Multiplebit error correction hamming code
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In coding theory multiplebit error correction hamming code, Hamming 7,4 is a linear error-correcting code that encodes four bits of data into seven bits by adding three parity bits. It is a member of a larger family of Hamming codesbut the term Hamming code often refers to this specific code that Richard W.
Hamming introduced in At the time, Hamming worked at Bell Telephone Laboratories and was frustrated with the error-prone punched card reader, which is why he started working on error-correcting codes. The Hamming code adds three additional check bits to every four data bits of the message.
Hamming's 7,4 algorithm can correct any single-bit error, or detect all single-bit and two-bit errors. In other words, the minimal Hamming distance between any two correct codewords is 3, and received words can be correctly decoded if they are at a multiplebit error correction hamming code of at most one from the codeword that was transmitted by the sender. This means that for transmission medium situations where burst errors do not occur, Hamming's 7,4 code is effective as the medium would have to be extremely noisy for two out of seven bits to be flipped.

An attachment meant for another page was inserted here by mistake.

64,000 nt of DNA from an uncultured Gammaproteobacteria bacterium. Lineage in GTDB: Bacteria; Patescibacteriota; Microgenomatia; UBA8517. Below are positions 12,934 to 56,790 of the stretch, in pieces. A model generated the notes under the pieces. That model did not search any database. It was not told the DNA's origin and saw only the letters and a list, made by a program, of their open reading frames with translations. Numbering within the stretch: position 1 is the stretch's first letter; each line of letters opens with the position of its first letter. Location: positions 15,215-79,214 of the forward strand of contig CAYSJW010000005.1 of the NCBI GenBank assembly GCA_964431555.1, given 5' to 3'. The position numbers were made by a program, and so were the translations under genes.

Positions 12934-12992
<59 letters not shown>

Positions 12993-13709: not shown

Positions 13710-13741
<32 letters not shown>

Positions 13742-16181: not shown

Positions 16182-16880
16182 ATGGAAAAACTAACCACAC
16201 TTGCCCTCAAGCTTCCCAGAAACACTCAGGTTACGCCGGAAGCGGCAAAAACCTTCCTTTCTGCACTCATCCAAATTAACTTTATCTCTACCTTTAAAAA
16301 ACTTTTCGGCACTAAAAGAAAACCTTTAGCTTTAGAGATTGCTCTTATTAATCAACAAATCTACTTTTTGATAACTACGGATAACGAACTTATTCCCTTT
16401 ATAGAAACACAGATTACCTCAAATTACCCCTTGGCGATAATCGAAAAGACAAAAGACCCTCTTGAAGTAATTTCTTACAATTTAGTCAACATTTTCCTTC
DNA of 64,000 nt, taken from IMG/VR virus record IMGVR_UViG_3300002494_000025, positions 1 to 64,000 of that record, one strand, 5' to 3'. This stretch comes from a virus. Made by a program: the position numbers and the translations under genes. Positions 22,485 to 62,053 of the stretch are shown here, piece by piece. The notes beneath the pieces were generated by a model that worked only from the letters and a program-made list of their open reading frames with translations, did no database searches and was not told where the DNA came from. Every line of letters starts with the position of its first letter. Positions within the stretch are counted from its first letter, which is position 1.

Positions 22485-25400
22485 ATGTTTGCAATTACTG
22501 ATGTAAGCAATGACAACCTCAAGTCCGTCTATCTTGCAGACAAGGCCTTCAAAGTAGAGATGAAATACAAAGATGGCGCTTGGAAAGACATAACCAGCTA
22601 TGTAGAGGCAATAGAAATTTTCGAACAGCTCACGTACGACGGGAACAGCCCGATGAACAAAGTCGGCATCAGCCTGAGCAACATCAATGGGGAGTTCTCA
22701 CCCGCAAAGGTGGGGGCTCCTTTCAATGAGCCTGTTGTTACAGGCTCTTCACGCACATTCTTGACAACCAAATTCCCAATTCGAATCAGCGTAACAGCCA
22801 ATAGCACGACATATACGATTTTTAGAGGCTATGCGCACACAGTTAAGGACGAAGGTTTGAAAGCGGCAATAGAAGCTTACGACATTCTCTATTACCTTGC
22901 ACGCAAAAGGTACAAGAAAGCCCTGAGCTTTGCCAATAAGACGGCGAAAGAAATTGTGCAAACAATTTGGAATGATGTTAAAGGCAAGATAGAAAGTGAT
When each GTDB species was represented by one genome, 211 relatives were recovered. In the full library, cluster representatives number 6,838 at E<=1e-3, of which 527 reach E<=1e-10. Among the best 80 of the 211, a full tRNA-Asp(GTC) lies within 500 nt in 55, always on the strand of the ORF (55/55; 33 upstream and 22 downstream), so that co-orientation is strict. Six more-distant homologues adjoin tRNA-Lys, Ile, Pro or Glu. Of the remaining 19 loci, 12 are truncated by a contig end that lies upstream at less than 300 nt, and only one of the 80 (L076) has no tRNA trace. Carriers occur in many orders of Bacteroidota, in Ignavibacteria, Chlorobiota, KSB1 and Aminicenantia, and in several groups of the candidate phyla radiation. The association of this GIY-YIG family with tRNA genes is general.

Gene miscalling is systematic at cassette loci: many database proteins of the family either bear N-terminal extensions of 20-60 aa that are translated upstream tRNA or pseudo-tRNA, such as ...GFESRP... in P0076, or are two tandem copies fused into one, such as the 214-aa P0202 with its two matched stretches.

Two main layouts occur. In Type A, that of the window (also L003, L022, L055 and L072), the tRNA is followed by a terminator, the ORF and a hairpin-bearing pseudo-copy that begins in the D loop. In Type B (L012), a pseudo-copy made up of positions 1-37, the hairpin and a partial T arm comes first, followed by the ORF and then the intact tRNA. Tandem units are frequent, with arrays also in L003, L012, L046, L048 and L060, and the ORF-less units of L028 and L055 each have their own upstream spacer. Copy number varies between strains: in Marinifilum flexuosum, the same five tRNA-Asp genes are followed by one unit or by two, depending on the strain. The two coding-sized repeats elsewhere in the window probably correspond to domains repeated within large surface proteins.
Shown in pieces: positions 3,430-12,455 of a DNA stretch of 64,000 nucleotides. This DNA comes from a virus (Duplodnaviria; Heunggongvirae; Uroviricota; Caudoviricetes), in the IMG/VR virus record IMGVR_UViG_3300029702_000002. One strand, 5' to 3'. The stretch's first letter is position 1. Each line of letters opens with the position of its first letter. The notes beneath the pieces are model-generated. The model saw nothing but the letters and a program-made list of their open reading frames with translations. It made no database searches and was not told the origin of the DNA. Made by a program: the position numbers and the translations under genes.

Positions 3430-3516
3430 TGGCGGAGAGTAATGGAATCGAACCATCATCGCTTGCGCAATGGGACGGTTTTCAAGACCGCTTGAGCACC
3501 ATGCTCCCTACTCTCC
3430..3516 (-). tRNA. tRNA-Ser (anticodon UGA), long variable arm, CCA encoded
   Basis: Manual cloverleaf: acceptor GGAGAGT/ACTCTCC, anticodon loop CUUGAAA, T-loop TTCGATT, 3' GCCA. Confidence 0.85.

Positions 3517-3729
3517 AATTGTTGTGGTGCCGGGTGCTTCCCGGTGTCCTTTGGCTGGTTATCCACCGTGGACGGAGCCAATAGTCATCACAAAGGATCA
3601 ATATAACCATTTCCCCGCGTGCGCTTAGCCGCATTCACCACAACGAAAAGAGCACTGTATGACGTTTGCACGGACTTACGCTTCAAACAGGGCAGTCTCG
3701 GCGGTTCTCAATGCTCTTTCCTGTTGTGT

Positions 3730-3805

The goal of the Hamming codes is to create a set of parity bits that overlap such that a single-bit error the bit is logically flipped in value in a data bit or a parity bit can be detected and corrected.
While multiple overlaps can be created, the general method is presented in Hamming codes. This table describes which parity bits cover which transmitted bits in the encoded word. For example, p 2 provides an even parity for bits 2, 3, 6, and 7.
It also details which transmitted bit is covered by which parity bit by multiplebit error correction hamming code the column. For example, d 1 is covered by p 1 and p 2 but not p 3 This table will have a striking resemblance to the parity-check matrix H in the next section.
So, by picking the parity bit coverage correctly, all errors with a Hamming distance of 1 can be detected and corrected, which is the point of using a Multiplebit error correction hamming code code. Hamming codes can be computed in linear algebra terms through multiplebit error correction hamming code because Hamming codes are linear codes.
For the purposes of Hamming codes, two Hamming matrices can be defined: As mentioned above, rows 1, 2, and 4 of G should look familiar as they map the data bits to their parity bits:.
The remaining rows 3, 5, 6, 7 map the data to their position in encoded form and there is only 1 in that row so it is an identical copy. In fact, these four rows multiplebit error correction hamming code linearly independent and form the identity matrix by design, not coincidence. Also as mentioned above, the three rows multiplebit error correction hamming code H should be familiar.